Rauls v Directv, Inc.

Annotate this Case
Rauls v Directv, Inc. 2014 NY Slip Op 00022 Released on January 3, 2014 Appellate Division, Fourth Department Published by New York State Law Reporting Bureau pursuant to Judiciary Law § 431. This opinion is uncorrected and subject to revision before publication in the Official Reports.

Released on January 3, 2014
SUPREME COURT OF THE STATE OF NEW YORK
Appellate Division, Fourth Judicial Department
PRESENT: SCUDDER, P.J., SMITH, PERADOTTO, LINDLEY, AND SCONIERS, JJ.
1283 CA 13-00955

[*1]Brian Rauls, PLAINTIFF-APPELLANT,

v

Directv, Inc., DEFENDANT-RESPONDENT.


Appeal from an order of the Supreme Court, Erie County (Shirley Troutman, J.), entered September 17, 2012 in a personal injury action. The order denied the motion of plaintiff for partial summary judgment on liability under Labor Law § 240 (1) and granted the cross motion of defendant for summary judgment dismissing the complaint.


GROSS, SHUMAN, BRIZDLE & GILFILLAN, P.C., BUFFALO (HARRY J. FORREST OF COUNSEL), FOR PLAINTIFF-APPELLANT.
LEMERY GREISLER LLC, SARATOGA SPRINGS (ROBERT A. LIPPMAN OF COUNSEL), AND WALSH, ROBERTS & GRACE, BUFFALO, FOR DEFENDANT-RESPONDENT.


It is hereby ORDERED that the order so appealed from is unanimously modified on the law by denying those parts of defendant's cross motion with respect to the Labor Law §§ 240 (1) and 241 (6) claims and reinstating those claims, and as modified the order is affirmed without costs.

Memorandum: Plaintiff commenced this Labor Law action seeking damages for injuries he sustained when he slipped and fell while stepping back onto a ladder from the roof of a residence after installing a satellite dish thereon. Plaintiff moved for partial summary judgment on liability under Labor Law § 240 (1), and defendant cross-moved for summary judgment dismissing the complaint. Supreme Court denied plaintiff's motion, granted defendant's cross motion in its entirety, and dismissed the complaint. We note at the outset that plaintiff has abandoned any contention with respect to the propriety of the court's dismissal of his Labor Law § 200 claim (see Ciesinski v Town of Aurora, 202 AD2d 984, 984). We agree with plaintiff, however, that the court erred in granting those parts of defendant's cross motion with respect to the Labor Law §§ 240 (1) and 241 (6) claims, and we therefore modify the order accordingly.

Plaintiff established as a matter of law that defendant is a "contractor" within the meaning of Labor Law §§ 240 (1) and 241 (6), i.e., that it " had the power to enforce safety standards and choose responsible subcontractors' " (Mulcaire v Buffalo Structural Steel Constr. Corp., 45 AD3d 1426, 1428), and defendant failed to raise an issue of fact (see generally Zuckerman v City of New York, 49 NY2d 557, 562). Indeed, it is well established that an entity's "right to exercise control over the work denotes its status as a contractor, regardless of whether it actually exercised that right" (Milanese v Kellerman, 41 AD3d 1058, 1061; see Ross v Curtis-Palmer Hydro-Elec. Co., 81 NY2d 494, 500; Mergenhagen v Dish Network Serv. L.L.C., 64 AD3d 1170, 1171-1172). Thus, the Labor Law "holds owners and general contractors absolutely liable for any breach of [*2]the statute even if the job was performed by an independent contractor over which [they] exercised no supervision or control" (McCarthy v Turner Constr., Inc., 17 NY3d 369, 374 [internal quotation marks omitted]). Here, plaintiff submitted evidence establishing that defendant had the contractual authority to control the work at issue (see Mergenhagen, 64 AD3d at 1171-1172; Mulcaire, 45 AD3d at 1428). Among other things, the contract between defendant and plaintiff's employer required the latter to comply with defendant's policies and procedures, provide training in accordance with specifications provided by defendant, and utilize materials approved by defendant. Further, the contract incorporated by reference a manual prepared by defendant that provided, inter alia, detailed instructions for the installation of defendant's satellite equipment, including instructions concerning safety issues. We thus conclude that, because defendant "had the authority to choose the part[y] who did the work, and directly entered into [a] contract[] with th[at party], it had the authority to exercise control over the work, even if it did not actually do so" (Williams v Dover Home Improvement, 276 AD2d 626, 626; see Johnson v Ebidenergy, Inc., 60 AD3d 1419).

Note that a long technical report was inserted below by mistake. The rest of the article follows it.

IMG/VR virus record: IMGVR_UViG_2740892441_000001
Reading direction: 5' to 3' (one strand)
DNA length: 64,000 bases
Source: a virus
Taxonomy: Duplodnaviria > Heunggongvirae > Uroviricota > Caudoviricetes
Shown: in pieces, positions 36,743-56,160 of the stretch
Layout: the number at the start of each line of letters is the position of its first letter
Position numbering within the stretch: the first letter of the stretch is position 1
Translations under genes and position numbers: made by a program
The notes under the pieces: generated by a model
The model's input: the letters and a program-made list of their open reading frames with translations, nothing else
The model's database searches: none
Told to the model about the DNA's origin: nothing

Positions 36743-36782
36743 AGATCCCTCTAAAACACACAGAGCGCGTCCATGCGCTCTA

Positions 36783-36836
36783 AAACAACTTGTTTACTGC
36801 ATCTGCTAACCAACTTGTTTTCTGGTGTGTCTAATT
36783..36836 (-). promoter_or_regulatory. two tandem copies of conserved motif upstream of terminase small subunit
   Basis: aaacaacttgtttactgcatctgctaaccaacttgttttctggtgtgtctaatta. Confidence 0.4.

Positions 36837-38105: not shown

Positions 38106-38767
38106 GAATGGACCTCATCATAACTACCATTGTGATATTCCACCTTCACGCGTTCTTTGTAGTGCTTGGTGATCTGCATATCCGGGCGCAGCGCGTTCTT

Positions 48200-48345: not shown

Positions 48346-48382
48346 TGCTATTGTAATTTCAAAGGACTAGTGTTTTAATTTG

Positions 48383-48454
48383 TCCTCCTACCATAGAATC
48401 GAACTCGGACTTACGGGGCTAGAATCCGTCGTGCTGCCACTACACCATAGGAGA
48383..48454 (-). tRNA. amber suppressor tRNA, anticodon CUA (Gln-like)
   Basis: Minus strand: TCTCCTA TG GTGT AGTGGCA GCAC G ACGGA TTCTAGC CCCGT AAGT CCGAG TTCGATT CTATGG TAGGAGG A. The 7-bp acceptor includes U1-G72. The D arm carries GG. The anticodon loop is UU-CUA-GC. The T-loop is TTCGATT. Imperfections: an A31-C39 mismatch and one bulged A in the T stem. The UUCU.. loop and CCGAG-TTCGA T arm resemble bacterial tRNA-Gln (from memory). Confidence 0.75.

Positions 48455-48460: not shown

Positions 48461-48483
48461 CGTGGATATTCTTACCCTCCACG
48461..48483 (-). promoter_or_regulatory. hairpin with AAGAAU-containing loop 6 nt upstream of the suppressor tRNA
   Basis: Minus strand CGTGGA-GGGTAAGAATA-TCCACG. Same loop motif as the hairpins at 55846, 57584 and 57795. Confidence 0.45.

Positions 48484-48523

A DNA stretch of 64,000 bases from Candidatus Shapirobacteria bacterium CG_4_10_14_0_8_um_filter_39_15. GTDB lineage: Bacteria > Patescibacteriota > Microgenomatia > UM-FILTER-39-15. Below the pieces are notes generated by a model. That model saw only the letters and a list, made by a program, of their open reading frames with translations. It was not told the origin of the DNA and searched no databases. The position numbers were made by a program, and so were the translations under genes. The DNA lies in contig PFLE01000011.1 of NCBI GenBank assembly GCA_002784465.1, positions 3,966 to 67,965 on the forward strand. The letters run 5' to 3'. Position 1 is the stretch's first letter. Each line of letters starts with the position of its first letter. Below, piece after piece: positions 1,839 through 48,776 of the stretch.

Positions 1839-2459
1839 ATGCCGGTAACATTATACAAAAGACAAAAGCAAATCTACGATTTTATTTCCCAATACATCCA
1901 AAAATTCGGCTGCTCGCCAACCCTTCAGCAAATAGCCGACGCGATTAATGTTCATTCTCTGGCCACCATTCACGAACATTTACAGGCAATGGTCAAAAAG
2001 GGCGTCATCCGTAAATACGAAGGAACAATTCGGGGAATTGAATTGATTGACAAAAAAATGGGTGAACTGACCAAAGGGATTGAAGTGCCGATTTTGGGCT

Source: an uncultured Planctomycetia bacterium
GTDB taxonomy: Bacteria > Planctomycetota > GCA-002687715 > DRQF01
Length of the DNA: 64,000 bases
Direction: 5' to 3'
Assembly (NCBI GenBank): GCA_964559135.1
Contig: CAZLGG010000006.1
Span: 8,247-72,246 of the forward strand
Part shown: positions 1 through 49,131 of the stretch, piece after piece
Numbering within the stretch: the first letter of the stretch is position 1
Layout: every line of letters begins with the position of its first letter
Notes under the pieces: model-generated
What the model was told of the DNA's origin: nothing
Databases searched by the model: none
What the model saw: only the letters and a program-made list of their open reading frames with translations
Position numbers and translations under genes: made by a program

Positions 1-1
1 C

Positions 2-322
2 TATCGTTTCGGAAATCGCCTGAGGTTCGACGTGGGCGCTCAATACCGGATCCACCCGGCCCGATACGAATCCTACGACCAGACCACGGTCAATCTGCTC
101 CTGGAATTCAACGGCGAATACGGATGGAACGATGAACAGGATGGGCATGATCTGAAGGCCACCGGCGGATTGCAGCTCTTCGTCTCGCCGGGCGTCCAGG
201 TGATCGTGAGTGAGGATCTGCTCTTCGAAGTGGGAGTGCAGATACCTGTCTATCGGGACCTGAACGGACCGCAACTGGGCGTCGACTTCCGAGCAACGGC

Contrary to plaintiff's further contention, we conclude that the court properly denied his motion for partial summary judgment on liability under Labor Law § 240 (1) inasmuch as he did not establish as a matter of law that "the absence of or defect in a safety device was [a] proximate cause of his . . . injuries" (Tronolone v Praxair, Inc., 22 AD3d 1031, 1033 [internal quotation marks omitted]; see generally Ellerbe v Port Auth. of N.Y. & N.J., 91 AD3d 441, 442; Arigo v Spencer, 39 AD3d 1143, 1144-1145). We further conclude in any event that defendant's submissions raise an issue of fact whether the sole proximate cause of the accident was plaintiff's decision to step onto a steep, slippery roof in violation of specific safety instructions (see John v Klewin Bldg. Co., Inc., 94 AD3d 1502, 1503-1504; Tronolone, 22 AD3d at 1033).
Entered: January 3, 2014
Frances E. Cafarell
Clerk of the Court